Political InQueery: Let the 2012 Games Begin

Tim Pawlenty in a blue shirt at a news conferenceIt seems like only six months ago we were talking about the 2010 midterm elections. Oh, wait. I suppose the 2010 midterm elections were only a little more than six months ago. At any rate, the early campaigning for the 2012 gubernatorial election is underway. When I brought up the idea of guest blogging about this summer's candidates to Bitch's editors, Osama bin Laden was still at large, Donald Trump hadn't done himself in as a serious contender, and people were still talking about the possibility of nominating Tim Pawlenty. (Well, okay, a few people still insist Pawlenty can pull it off.) My point is, if the last two months are any indication, this campaign cycle will be hectic and as fast moving as Trump's bangs in a July thunderstorm. For this latest iteration of Political InQueery, I want to take a look at the following:

  • Rhetoric used by candidates on both sides and the way the media cover it—I suspect that as in campaign cycles past, early stump speeches and press events will have some "test market" ideas laced throughout, so the parties can see which issues gain traction with the electorate and which should be dismissed for this election. Quick guesses are that the GOP will look to assess how much damage has been wrought regarding last spring's union mess in Wisconsin, and if there's any way they can get Latinos to vote their way after the fear mongering of the 2010 midterm elections. Democrats will likely want to see if the LGBT promise follow-through has gained them anything heading into 2012, and how to paint a picture of progress when so many Americans feel so negative about their circumstances.
  • Criticism of Obama from the left—Yes, I will include Cornell West in that analysis, but if there were complaints about Obama before the assassination of the al Qaeda leader, there are louder critiques now, including the now-perennial "how are the Dems different from the GOP anymore?" question, people's realization that Mr. Obama is not the liberal many insisted he was, and what Obama's politics mean for the radical left. While these criticisms tend not to get a lot of play in mainstream reporting (with respect to the preponderance of White House/presidential coverage in general), they do shape a portion of the voting bloc's attitudes and where attitudes are, so goes the information highway. I think it's helpful to examine who is saying what about the President and which moments catch fire online.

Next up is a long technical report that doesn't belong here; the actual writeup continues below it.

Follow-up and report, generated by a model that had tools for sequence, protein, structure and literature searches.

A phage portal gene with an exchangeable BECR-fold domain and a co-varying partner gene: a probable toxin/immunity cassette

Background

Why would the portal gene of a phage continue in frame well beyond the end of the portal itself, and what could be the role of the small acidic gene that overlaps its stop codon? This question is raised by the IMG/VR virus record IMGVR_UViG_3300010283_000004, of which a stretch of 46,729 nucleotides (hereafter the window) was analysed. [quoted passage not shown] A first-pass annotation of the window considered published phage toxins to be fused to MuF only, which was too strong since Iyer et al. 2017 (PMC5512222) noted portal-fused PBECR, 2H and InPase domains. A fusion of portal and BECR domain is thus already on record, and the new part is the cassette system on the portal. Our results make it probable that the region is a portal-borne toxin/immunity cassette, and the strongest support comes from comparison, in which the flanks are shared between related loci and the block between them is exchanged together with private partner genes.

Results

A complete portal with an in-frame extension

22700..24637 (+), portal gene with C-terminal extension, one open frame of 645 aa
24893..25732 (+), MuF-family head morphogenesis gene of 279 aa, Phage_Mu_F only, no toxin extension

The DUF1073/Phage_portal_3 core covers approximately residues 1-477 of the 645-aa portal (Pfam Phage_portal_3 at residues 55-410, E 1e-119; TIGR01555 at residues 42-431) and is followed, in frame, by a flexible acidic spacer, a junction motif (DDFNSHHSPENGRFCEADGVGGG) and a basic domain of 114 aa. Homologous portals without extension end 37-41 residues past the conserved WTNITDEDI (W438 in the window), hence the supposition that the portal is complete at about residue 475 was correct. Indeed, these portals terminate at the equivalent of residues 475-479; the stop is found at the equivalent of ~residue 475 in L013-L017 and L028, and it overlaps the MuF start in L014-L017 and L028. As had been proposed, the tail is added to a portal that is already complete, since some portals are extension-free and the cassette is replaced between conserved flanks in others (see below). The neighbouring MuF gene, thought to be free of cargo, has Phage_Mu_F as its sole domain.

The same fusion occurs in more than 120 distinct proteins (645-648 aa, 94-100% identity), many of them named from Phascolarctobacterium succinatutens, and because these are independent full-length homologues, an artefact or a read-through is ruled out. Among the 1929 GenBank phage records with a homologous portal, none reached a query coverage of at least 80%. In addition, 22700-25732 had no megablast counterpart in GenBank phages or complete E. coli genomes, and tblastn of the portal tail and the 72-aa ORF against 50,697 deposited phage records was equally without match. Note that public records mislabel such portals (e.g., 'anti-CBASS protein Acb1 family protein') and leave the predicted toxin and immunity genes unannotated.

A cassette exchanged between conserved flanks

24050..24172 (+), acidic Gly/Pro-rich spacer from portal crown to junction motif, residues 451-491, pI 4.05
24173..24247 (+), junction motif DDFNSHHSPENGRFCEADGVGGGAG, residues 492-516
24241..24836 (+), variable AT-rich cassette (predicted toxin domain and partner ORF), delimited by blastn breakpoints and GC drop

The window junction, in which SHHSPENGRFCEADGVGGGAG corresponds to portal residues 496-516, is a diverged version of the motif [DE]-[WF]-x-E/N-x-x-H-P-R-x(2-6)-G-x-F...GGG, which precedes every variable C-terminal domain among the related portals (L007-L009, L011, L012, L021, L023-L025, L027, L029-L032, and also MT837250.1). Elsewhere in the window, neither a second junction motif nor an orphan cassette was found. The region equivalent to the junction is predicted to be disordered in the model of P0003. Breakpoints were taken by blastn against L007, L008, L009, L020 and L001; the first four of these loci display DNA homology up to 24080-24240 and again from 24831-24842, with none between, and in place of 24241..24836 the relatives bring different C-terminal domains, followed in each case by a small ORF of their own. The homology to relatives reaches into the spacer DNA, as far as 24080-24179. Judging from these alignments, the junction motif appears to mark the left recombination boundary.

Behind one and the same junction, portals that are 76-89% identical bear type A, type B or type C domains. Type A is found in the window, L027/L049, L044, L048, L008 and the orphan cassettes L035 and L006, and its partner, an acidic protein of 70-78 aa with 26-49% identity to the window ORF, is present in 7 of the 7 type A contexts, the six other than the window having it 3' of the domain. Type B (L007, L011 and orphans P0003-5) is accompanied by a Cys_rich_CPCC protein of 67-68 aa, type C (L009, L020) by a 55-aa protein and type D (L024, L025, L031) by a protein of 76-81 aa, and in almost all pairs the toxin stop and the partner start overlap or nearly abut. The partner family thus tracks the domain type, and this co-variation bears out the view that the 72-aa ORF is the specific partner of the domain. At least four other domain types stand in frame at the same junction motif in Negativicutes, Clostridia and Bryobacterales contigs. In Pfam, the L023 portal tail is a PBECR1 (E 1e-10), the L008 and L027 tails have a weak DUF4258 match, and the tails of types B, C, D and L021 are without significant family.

• The diversity plummet—There was much made of female Republican candidates in the 2010 midterms, and even more talk regarding whether the GOP had a "Hillary" counterpart. Other than Michelle Bachmann throwing her hat in the ring, and sudden rise of the Herminator, the field on the right this time has been decidedly white and male. Meanwhile, Michael Steele, the African-American chairman of the Republican National Committee, was let go from his job. What happened to the GOP's paltry attempts at equal opportunity hiring? And how do Dems stack up on civil rights issues and campaign positions? 

I know, these are electoral politics, and I don't espouse that this inside-the-box frame answers every issue feminists say needs to be taken up by progressives. But the re-election campaign of Barack Obama is a bellwether moment, and there are signals produced during elections that give Americans talking points and ways of understanding their country that play out in millions of smaller ways until the next go-round. And I believe we need to take a close look at how those signals are created and absorbed.

So if readers have specific issues they'd like to examine here these next two months, please send them my way. And let the Games begin! I mean, on to 2012.

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